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Trump Administration Given March 17 Filing Date for Amicus Brief in PHH v CFPB; Requests to Intervene by Outside Organizations Denied by D.C. Circuit
On March 7, the U.S. Court of Appeals for the D.C. Circuit granted the United States’ unopposed motion, filed through the Office of the Solicitor General (“SG”), which requested an extension to file its amicus brief in PHH Corp. v. CFPB. Notably, amicus briefs supporting PHH must be filed by March 10 and those supporting the CFPB must be filed by March 31. The fact that the United States’ motion requested an extension until March 17—before the deadline for briefs supporting the CFPB—signals that the SG may present arguments supporting PHH that differ both from the CFPB and from the positions previously presented by the Obama Administration in briefing submitted on behalf of the United States back in December.
As previously covered in InfoBytes, late last year the D.C. Circuit invited briefing by the SG’s office on behalf of the United States (note that the SG does not represent the CFPB; the Bureau is legally permitted to litigate on its own behalf.) The then Obama-led SG’s office took the position that the case should be reheard by the en banc court because, among other reasons, (i) the majority’s reasoning misapplied Supreme Court precedent on separation of powers issues and/or (ii) the panel majority should not have reached the constitutional issue. Now under the Trump Administration, the DOJ hinted that it may revise its positions with respect to both the constitutionality of the CFPB’s single-director-removable-only-for-cause structure, and, if it chooses, the merits of PHH’s argument that the Bureau’s RESPA interpretation was incorrect. Indeed, the short motion asserted, among other things, that “the views of the United States on matters involving the President’s removal power are not always entirely congruent with the views of independent agencies.”
Also on March 7, the D.C. Circuit issued a separate order denying three pending “motions and alternative requests” seeking to intervene, or in the alternative, hold in abeyance requests to intervene submitted by the Democratic Ranking Members of the Senate and House Committees with jurisdiction over the CFPB, 16 State Attorneys General, a coalition of consumer interest groups, and two conservative advocacy groups working with State National Bank of Big Spring.
On December 22, PHH filed its brief opposing the CFPB’s petition for en banc review of the October 2016 three-judge panel decision in PHH Corp. v. CFPB. PHH argued that the case is not worthy of review by the full D.C. Circuit because, although the majority of the panel determined that the CFPB’s structure violated the constitutionally-mandated separation of powers, that “conclusion, which horrifies the CFPB, simply means that an agency of the Executive Branch will be answerable to the Chief Executive.” With respect to the panel’s unanimous decision that the CFPB incorrectly interpreted RESPA, PHH argued that en banc review is inappropriate because, among other reasons, the D.C. Circuit could not side with the CFPB without “creat[ing] a circuit split with every other court to have considered the proper scope of RESPA.”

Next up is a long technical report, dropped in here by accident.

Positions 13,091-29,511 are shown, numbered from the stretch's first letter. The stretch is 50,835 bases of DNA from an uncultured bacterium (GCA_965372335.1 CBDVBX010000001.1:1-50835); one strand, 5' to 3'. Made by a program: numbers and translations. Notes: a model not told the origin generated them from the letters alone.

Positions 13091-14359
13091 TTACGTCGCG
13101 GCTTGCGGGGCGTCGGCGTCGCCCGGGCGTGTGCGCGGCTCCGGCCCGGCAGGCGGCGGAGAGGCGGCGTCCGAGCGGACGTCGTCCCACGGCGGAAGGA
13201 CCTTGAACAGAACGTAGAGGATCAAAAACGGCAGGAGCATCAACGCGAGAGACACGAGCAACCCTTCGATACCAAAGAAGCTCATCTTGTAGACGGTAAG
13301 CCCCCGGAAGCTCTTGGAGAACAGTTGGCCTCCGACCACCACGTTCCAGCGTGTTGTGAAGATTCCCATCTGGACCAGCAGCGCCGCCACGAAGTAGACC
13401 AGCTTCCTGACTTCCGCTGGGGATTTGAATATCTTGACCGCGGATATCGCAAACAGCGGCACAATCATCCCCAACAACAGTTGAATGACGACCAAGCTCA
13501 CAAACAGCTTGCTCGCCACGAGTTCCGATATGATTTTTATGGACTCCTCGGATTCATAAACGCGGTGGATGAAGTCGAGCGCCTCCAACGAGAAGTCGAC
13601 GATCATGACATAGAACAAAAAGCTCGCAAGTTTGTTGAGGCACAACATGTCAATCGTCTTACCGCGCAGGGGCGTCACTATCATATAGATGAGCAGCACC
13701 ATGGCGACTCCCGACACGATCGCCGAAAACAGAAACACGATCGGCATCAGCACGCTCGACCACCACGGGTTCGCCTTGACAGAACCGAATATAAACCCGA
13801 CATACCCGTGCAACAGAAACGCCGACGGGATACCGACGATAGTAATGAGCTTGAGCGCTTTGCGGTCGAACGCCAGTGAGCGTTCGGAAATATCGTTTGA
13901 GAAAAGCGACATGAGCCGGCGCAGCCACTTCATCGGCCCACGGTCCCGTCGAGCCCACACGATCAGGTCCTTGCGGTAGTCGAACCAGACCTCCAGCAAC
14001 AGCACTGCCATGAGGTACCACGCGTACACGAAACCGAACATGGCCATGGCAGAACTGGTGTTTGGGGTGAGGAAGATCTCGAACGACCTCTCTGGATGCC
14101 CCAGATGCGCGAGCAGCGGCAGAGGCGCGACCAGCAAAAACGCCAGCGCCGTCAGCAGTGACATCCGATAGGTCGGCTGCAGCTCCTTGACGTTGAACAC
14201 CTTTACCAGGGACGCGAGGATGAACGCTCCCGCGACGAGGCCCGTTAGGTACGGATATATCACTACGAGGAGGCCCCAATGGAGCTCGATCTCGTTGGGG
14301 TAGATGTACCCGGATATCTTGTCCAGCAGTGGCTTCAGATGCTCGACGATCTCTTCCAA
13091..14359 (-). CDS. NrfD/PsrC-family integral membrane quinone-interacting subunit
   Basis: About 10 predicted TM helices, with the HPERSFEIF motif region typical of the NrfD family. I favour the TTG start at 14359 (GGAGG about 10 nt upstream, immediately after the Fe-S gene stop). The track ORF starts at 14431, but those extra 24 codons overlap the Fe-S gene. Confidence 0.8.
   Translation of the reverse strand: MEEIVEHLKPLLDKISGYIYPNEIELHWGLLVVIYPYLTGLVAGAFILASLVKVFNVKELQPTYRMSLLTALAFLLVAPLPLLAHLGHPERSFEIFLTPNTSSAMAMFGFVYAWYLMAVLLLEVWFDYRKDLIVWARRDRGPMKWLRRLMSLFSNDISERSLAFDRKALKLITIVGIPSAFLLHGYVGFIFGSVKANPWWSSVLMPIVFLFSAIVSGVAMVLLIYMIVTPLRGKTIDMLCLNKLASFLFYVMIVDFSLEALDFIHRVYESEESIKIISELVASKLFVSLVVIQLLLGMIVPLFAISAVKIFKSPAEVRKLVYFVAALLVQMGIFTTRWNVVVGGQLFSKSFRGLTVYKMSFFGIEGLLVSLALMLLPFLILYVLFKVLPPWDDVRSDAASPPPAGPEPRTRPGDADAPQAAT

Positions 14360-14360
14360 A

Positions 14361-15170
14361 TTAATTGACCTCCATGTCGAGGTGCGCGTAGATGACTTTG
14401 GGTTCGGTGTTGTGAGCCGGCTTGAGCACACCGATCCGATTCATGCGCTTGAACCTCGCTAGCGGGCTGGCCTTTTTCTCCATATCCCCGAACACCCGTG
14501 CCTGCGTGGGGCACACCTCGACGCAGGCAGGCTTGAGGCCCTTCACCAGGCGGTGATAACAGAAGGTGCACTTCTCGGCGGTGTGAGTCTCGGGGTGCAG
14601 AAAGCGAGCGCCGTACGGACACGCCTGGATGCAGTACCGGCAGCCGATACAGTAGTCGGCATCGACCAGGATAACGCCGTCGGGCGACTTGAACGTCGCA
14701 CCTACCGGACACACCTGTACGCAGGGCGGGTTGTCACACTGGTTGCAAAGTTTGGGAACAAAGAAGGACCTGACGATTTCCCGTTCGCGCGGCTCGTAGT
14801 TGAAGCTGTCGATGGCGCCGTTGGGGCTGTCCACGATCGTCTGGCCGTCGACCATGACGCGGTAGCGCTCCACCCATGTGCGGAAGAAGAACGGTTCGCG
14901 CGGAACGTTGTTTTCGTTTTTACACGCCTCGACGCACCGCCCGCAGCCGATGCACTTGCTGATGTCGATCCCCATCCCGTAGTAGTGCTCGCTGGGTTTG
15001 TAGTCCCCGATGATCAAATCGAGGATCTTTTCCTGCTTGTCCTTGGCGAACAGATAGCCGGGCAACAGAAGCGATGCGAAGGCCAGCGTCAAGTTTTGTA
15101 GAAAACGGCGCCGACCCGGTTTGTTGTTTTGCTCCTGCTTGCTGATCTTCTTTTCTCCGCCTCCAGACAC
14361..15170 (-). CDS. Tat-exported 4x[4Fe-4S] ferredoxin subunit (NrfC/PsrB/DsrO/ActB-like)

At the invitation of the D.C. Circuit, the U.S. Solicitor General also filed its brief later the same day. While the Solicitor General supported the CFPB’s petition for en banc review of the constitutional question, it also suggested that, consistent with Judge Henderson’s dissent from the panel opinion, the full D.C. Circuit could simply vacate the CFPB’s order against PHH on the grounds that the Bureau misinterpreted RESPA. Doing so, the Solicitor General notes, would be consistent with the “well-established principle … that normally the Court will not decide a constitutional question if there is some other ground upon which to dispose of the case.” This ruling would vacate the panel majority’s conclusion that the CFPB’s structure was unconstitutional, although the Solicitor General noted that PHH could renew its constitutional challenge if the CFPB continues to pursue the case on remand.
With respect to the separation of powers question itself, the Solicitor General argued that en banc review is warranted because the majority departed from the analysis used by the Supreme Court to decide such questions. Specifically, the Solicitor General suggests that the panel majority erred by concluding “that an agency with a single head poses a greater threat to individual liberty than an agency headed by a multi-member body that exercises the same powers,” noting that the President’s authority over the multi-member FTC was similarly limited and the FTC enjoyed similar powers at the time the Supreme Court upheld its constitutionality.
Finally, after the filing of the Solicitor General’s brief, PHH requested permission to file an additional brief on the grounds that the Solicitor General had raised arguments not presented in the CFPB’s petition.
For additional background, please see our summaries of the panel decision, the CFPB's petition for rehearing, and the D.C. Circuit’s order directing PHH to respond and the Solicitor General to provide views.
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